Large datasets can also become unwieldy, reflecting the challenges of identifying specific and actionable insights that are often more apparent with small subsets of data, but still require the scale and coherency of the larger, richer dataset to validate results.
In fact, the most important data manipulations have to do with quantity and quality—and they’re necessary.
The Ingredients Of Good Data—Verified, Validated, Privacy-compliant
Much of the standard manipulations that firms apply to data have to do with quality, which has three large factors: validation, verification, and privacy.
- Verification ensures data records are associated with real people, and not bots, and that they’re accurate, current, and complete for the purpose at hand. Inaccurate, out-of-date and incomplete data can result in unnecessary waste and cost, as well as weaken client relationships.
- Validated data is data that’s integrated, that is, it meets logical and structural requirements for processing and analysis purposes: postal codes and phone numbers have the correct number and type of characters for the relevant location, prior purchases are correctly associated with customers, etc. Data that doesn’t meet these requirements may be excluded from analysis or other use, resulting in higher costs and lost insights.
- Privacy compliance requirements ensure that consumer preferences around the storage and use of their personal data meets their expectations. Missing this mark can result in considerable monetary and reputational risk.
But Even Good, Quality Data Isn’t Enough
Now that the data is clean, it needs context. Without context, no matter how clean and aligned the dataset may be, it’s much harder to identify actionable insights for use in everything from customer acquisition and retention to product enhancement, revenue optimization and more.
How Adding Real-Time Behavioral Data Adds Context To Datasets And Ensures Results
Context is a product of real data generated by real consumers in their online activities, such as sharing a video, downloading a brochure, or searching for recipes, flights or event tickets, etc.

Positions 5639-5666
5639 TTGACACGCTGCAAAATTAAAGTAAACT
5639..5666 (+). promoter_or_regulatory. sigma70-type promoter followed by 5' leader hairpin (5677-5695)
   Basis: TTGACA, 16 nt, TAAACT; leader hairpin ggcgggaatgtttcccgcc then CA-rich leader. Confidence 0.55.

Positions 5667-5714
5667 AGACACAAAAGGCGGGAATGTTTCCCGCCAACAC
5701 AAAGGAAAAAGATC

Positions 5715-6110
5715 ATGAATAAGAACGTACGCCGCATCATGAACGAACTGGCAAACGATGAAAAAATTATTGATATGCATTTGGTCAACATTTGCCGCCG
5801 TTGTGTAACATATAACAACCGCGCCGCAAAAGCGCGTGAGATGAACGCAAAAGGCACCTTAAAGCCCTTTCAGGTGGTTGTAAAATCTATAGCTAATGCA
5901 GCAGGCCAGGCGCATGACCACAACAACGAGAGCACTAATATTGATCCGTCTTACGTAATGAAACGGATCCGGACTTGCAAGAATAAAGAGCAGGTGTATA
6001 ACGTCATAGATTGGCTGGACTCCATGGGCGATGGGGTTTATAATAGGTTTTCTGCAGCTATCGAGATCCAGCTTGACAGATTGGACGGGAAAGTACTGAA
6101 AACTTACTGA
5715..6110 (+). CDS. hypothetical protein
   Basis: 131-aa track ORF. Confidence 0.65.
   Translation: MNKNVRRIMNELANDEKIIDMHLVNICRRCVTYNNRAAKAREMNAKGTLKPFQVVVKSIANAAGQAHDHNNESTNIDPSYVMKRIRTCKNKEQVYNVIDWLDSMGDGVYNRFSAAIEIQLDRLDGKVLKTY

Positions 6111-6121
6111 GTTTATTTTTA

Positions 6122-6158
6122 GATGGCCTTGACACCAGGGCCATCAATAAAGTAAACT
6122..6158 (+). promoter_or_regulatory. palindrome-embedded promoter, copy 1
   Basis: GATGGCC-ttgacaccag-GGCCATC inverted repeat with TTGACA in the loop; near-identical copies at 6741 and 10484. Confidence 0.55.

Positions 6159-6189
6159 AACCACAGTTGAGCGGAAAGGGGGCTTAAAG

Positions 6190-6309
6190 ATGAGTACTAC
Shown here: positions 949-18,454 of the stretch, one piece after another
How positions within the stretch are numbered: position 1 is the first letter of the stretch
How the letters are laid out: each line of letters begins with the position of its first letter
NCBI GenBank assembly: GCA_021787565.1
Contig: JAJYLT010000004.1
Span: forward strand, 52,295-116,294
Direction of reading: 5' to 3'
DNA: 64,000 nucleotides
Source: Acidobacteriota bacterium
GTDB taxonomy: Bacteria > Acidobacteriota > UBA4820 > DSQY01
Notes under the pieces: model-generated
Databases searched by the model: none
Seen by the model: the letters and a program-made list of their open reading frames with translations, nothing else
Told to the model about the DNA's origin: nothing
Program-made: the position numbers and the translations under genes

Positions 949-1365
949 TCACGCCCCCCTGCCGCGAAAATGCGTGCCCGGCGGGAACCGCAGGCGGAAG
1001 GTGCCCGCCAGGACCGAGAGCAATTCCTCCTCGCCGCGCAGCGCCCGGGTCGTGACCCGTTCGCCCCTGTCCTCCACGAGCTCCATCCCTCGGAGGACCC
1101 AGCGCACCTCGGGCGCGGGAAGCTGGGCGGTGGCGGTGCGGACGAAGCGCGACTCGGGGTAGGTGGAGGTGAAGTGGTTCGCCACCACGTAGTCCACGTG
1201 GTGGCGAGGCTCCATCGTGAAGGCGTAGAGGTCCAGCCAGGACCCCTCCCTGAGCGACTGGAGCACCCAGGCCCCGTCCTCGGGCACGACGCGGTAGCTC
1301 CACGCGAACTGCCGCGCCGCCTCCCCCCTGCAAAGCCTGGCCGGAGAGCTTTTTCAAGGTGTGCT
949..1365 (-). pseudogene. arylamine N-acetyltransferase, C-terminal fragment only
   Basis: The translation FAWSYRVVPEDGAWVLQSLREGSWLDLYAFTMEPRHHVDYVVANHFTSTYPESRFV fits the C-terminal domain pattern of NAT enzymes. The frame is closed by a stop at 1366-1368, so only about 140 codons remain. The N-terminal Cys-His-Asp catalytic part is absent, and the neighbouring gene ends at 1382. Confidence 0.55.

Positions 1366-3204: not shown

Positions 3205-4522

Real behavioral and interest data is deterministic because it’s representative of recent, real online interactions and interests. It’s authentic, powerful, and can be made available in real-time. Think of it as ‘farm to table’ data, with less risk of over-processing it or applying faulty or unnecessary layers of data science or modeling. Just the real thing, in real-time, visualized and full of actionable insights. As a result, it can be predictive of emerging consumer trends and changing buyer preferences.
Data science will always be applied in the data industry. The opportunity is to apply that science to real data rather than to data that’s already been modeled in some way. Applying data science that’s already been modeled can dilute the original data’s authenticity and value.
Perhaps Steven Casey said it best in his team’s 2019 Forrester report: Businesses should “pay more attention to what your prospects do than to what they say” [emphasis added]. Real behavioral and interest data help teams do exactly that.
In a world that’s already crowded with data, the opportunity is to reveal the hidden value. Adding layer upon layer of analysis, modeling and other data science can obscure or weaken that value.